So we end up with Center-To-Edge aiming. We take a specific CB/OB/Pocket relationship, and through repetition and practice we learn to identify the correct visual for the given shot. From there it is a matter of lining up on the visual, moving into center cue ball (with a slight but identical/repeatable left or right sweep) and landing on center cue ball, and striking straight through that line.
So the first question someone may have with this system, what about all the shots in between the visuals? Well that is most certainly the million dollar question. I don’t have a mathematical proof, but I can say with conviction that there are no in between shots. All shots align to the heart of the pocket when executed perfectly. I believe this is evidence of how the system starts with a visual perception. 2d diagrams are fine for getting the idea across, however it will never be geometrically accurate. These lines represent visuals found in a 3d perception. When you stand behind a shot and align a visual, these are not discrete lines you can draw on a 2d diagram and mean anything geometrically. For instance, I can stand behind the cueball and line up CTEL/A, both lines aligned with my right eye from maybe 5 feet behind the shot. There is no way to take a pencil and protractor and draw the two lines through CB/OB and make them intersect 5 feet away. Even if it did, it doesn’t correlate the perception from a 3d view. However when you stand behind the shot, the perception is exact and repeatable. When you see a 2d diagram of a CTE perception, it is just that, a representation. Anyone trying to take these visuals to paper and making a claim that it doesn’t work, well they are not working with the correct or complete information.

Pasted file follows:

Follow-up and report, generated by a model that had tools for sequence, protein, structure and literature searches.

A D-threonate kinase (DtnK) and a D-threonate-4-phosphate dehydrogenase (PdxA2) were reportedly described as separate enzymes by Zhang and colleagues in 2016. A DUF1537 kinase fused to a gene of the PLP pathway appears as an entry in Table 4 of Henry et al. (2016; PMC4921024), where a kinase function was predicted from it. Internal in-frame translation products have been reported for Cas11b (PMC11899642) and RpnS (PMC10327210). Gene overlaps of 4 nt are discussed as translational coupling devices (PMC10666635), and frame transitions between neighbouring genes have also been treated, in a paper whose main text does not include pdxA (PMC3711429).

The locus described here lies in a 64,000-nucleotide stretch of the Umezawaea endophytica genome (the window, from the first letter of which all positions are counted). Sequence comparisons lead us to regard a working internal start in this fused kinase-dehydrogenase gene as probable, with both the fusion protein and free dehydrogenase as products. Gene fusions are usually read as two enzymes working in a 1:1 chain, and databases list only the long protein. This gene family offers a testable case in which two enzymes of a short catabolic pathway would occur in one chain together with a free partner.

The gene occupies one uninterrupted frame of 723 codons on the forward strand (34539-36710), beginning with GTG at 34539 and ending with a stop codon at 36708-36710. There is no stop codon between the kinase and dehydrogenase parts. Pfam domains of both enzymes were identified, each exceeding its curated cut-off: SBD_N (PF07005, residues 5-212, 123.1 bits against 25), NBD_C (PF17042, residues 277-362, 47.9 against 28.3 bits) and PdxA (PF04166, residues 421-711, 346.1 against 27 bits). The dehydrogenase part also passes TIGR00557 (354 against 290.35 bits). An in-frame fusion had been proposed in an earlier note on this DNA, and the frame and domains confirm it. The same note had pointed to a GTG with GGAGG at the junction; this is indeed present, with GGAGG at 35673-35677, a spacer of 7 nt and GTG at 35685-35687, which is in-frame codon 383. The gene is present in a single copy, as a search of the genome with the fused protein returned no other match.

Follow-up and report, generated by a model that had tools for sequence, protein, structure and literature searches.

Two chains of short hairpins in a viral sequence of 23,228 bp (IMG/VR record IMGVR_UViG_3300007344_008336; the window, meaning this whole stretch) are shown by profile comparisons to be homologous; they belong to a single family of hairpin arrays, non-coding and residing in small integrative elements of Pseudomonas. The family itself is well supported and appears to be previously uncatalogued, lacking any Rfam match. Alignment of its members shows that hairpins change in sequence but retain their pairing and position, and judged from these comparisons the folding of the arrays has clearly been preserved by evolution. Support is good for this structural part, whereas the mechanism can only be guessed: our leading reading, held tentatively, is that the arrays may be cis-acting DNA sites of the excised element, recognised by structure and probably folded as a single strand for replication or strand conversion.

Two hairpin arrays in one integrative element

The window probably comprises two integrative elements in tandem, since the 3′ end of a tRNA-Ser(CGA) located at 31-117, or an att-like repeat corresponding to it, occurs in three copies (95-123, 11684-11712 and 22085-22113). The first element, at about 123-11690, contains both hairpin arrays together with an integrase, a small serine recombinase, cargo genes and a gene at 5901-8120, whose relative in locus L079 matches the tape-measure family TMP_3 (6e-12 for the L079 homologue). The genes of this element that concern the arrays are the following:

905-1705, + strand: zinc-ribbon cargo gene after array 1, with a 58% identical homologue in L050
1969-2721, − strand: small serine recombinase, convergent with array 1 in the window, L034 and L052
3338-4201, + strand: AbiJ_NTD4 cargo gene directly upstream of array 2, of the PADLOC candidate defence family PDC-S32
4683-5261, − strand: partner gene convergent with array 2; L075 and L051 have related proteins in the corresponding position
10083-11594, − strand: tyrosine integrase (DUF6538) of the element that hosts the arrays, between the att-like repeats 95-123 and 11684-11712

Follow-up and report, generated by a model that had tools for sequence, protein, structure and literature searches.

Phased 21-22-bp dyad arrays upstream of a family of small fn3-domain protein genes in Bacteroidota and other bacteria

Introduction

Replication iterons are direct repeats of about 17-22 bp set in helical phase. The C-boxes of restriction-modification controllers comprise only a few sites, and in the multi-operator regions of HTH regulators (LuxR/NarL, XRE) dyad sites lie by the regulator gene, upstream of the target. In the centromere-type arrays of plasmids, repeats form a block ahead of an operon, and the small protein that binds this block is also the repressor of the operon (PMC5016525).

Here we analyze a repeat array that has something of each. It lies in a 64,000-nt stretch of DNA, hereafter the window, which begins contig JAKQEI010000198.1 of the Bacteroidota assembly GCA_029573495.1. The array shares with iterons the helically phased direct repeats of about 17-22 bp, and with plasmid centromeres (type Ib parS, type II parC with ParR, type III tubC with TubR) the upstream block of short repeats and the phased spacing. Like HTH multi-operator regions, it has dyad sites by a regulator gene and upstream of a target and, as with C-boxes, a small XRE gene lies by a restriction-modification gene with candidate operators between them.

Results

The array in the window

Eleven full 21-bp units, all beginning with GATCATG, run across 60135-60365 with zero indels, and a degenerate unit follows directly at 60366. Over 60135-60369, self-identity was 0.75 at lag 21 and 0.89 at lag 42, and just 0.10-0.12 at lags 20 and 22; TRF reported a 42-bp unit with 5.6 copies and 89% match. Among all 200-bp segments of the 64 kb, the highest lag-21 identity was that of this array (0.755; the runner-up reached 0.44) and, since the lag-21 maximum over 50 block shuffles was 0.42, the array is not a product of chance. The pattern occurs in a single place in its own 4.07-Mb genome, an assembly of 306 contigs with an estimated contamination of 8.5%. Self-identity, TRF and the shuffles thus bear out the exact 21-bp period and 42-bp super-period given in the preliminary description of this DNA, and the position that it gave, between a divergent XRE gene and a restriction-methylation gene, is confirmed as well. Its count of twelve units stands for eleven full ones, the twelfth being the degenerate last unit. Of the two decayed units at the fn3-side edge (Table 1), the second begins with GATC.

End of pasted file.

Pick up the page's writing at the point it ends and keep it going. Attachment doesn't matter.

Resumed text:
So then you might ask the question, what does this aiming system have over something like ghost-ball? This is another highly debatable question, but I’ll tell you how I see it from my own experience. With ghost-ball, you are not using objective targets. You are using invisible points and/or invisible balls to feed your brain and through practice, make these shots accurate and repeatable. CTE starts you with objective targets through a 3d perception. From there the path from standing to execution is very definitive and repeatable. So how is that really any better? For easier shots, especially shots where CB/OB/Pocket are directly in front of you, the difference may be negligible to most. These are not difficult for the brain to digest. However, move to long thin cuts, or shots where the pocket is out of your perception, or move to 1, 2, 3 rail bank shots. Now the system really starts to show it’s merit. You might want to watch Stan shoot some bank shots to get the idea what I’m talking about. Objective, repeatable targets to take the object ball to the heart of the pocket.
To conclude, it really is not possible to represent CTE in a 2d diagram with any mathematical or geometric accuracy, as the entire system hinges on ones perception of a shot standing behind the cueball. Although 2d diagrams are helpful to represent the visuals, they are not useful for anything mathematical or geometrical.
CTE PRO ONE is a product of Stan Shuffett and Just Cue It productions.